On the 6th May, the Indonesian Government ratified the Indonesia-Australia Comprehensive Economic Partnership Agreement. This Free Trade Agreement will commence 60 days after ratification, now confirmed as the 5th July.
Those involved in international trade will be aware that Indonesia and Australia are both members of the ASEAN-Australia-New Zealand Free Trade Agreement. Under this existing Free Trade Agreement most imports of Indonesia goods into Australia are entitled to duty free entry. This means that the benefits of the Indonesian Free Trade Agreement will be most strongly felt by Australian exporters and service providers who will see improved market access.
In particularly, there will be significantly reduced duty rates for agricultural exporters.
However, the existence of the ASEAN Free Trade Agreement does not mean that the Indonesian Free Trade Agreement should be ignored by importers. A significant benefit of the Indonesian Free Trade Agreement is a system for using declarations of origin rather than certificates of origin issued by an official body. An exporter will be able to use declarations of origin after the following occurs:
- Indonesia notifies Australia that it will implement the declaration of origin system; and
- the exporter is registered or certified by Indonesia.
The declaration of origin can be made on an invoice, delivery note or other commercial document provided it contains certain mandatory fields. Declarations of origin:
- can be made after exportation;
- can be in electronic format;
- do not need to be in any prescribed form;
- only apply to a single importation; and
- are valid for 12 months after the date of issue.
The ability for declarations to be issued post importation will facilitate the claiming of refunds where a declaration or certificate of origin was not available at the time of import.
The Indonesia Free Trade Agreement also permits Australia to waive the requires for documentary evidence. This means that there is the potential for the Trusted Traded Origin Waiver Benefit to apply to this FTA. This benefit is not currently available for the ASEAN Free Trade Agreement.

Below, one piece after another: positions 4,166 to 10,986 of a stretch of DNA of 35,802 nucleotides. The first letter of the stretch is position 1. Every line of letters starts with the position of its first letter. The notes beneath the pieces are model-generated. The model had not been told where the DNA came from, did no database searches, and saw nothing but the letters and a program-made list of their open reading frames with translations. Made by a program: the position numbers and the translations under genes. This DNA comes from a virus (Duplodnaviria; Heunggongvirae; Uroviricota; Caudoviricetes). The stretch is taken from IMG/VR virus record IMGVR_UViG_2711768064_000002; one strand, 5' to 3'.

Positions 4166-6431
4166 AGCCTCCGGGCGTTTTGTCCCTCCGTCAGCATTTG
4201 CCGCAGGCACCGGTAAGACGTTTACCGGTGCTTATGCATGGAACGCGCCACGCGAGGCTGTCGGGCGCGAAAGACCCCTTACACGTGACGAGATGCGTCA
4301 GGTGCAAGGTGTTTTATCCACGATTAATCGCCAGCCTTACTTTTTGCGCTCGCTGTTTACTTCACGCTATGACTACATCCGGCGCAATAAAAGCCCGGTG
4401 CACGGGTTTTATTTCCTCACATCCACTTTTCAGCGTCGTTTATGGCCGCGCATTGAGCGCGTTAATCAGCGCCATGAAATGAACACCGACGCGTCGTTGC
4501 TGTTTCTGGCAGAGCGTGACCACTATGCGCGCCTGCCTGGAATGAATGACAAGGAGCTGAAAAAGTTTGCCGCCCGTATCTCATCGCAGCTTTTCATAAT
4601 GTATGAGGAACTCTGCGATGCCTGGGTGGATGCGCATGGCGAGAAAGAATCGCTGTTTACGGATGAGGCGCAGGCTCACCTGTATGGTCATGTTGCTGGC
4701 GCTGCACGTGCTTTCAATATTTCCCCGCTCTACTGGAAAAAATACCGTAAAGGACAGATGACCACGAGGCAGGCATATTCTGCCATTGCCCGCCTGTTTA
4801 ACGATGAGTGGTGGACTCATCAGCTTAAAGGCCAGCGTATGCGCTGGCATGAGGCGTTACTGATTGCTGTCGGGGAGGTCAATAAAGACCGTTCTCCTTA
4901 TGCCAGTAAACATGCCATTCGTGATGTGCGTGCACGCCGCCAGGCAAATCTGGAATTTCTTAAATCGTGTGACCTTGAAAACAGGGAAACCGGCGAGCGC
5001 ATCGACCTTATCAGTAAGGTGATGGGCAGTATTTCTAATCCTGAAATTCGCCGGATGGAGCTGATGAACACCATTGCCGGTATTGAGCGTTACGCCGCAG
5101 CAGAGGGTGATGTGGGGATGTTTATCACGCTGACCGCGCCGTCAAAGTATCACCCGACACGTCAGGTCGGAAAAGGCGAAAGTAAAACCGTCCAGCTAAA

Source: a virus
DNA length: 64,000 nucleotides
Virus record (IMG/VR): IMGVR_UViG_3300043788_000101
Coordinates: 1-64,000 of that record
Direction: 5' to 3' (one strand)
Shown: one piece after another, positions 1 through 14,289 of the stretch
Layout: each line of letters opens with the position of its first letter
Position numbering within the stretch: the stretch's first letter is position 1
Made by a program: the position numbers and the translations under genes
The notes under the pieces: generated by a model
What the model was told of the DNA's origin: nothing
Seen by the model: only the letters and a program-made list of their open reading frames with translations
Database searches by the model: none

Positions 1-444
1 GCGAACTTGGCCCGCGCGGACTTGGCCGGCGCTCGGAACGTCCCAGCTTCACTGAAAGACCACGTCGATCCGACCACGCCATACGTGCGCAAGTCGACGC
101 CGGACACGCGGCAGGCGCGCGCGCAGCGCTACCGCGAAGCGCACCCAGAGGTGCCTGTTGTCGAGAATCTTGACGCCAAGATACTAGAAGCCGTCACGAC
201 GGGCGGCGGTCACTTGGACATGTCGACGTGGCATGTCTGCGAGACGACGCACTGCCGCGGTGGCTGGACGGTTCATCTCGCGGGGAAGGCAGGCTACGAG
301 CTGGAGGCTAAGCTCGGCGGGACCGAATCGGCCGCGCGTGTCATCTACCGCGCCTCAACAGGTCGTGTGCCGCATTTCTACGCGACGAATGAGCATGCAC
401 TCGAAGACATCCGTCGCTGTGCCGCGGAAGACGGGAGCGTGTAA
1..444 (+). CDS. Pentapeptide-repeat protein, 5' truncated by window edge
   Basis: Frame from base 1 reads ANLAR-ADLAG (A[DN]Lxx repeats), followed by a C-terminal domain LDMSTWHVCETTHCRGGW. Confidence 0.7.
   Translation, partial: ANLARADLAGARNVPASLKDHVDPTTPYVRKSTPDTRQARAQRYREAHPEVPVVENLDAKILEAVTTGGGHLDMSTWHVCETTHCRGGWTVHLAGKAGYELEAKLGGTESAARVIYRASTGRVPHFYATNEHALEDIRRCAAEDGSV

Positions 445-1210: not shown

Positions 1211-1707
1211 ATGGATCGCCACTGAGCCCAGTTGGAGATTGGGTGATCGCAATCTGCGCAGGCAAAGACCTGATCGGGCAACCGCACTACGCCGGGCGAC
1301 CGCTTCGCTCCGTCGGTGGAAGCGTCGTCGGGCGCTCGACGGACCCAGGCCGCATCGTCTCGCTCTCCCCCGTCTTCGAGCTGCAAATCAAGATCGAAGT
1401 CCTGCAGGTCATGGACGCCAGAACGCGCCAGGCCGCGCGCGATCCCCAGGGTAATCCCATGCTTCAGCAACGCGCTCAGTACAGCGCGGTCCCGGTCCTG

Interestingly, the Indonesian Free Trade Agreement imposes strict requirements on the issuing of a certificate of origin. The Free Trade Agreement envisages a system of exporters applying for a pre-exportation examination of the origin of the goods to be exporter. However, the pre-exportation examination need not apply to a good which, by its nature, origin can be easily determined.
It will be interesting to see if Australian bodies issuing certificates of origin engage in physical examination of goods or production facilities before issuing certificates of origin.
The Indonesian Free Trade Agreement will apply to goods in transit, or which have not been cleared for entry, on the date of commencement.
We suggest that importers and exports now review what trade with Indonesia is currently attracting customs duty. Consideration should be given to whether those goods will satisfy the origin requirement of the Indonesia Free Trade Agreement. If the lack of use of the ASEAN Free Trade Agreement is due to the administrative burden of obtaining certificates of origin, the flexibility of the Indonesian Free Trade Agreement may be the answer to this.
As with any FTA, it is important to review its specific terms and not assume the outcomes regarding origin and duty rates under the Indonesian Free Trade Agreement will be the same as the ASEAN Free Trade Agreement.
Please kindly contact our customs team for further information on the Indonesia-Australia Comprehensive Economic Partnership Agreement (IA-CEPA) or head here.
source credit : freight & trade alliance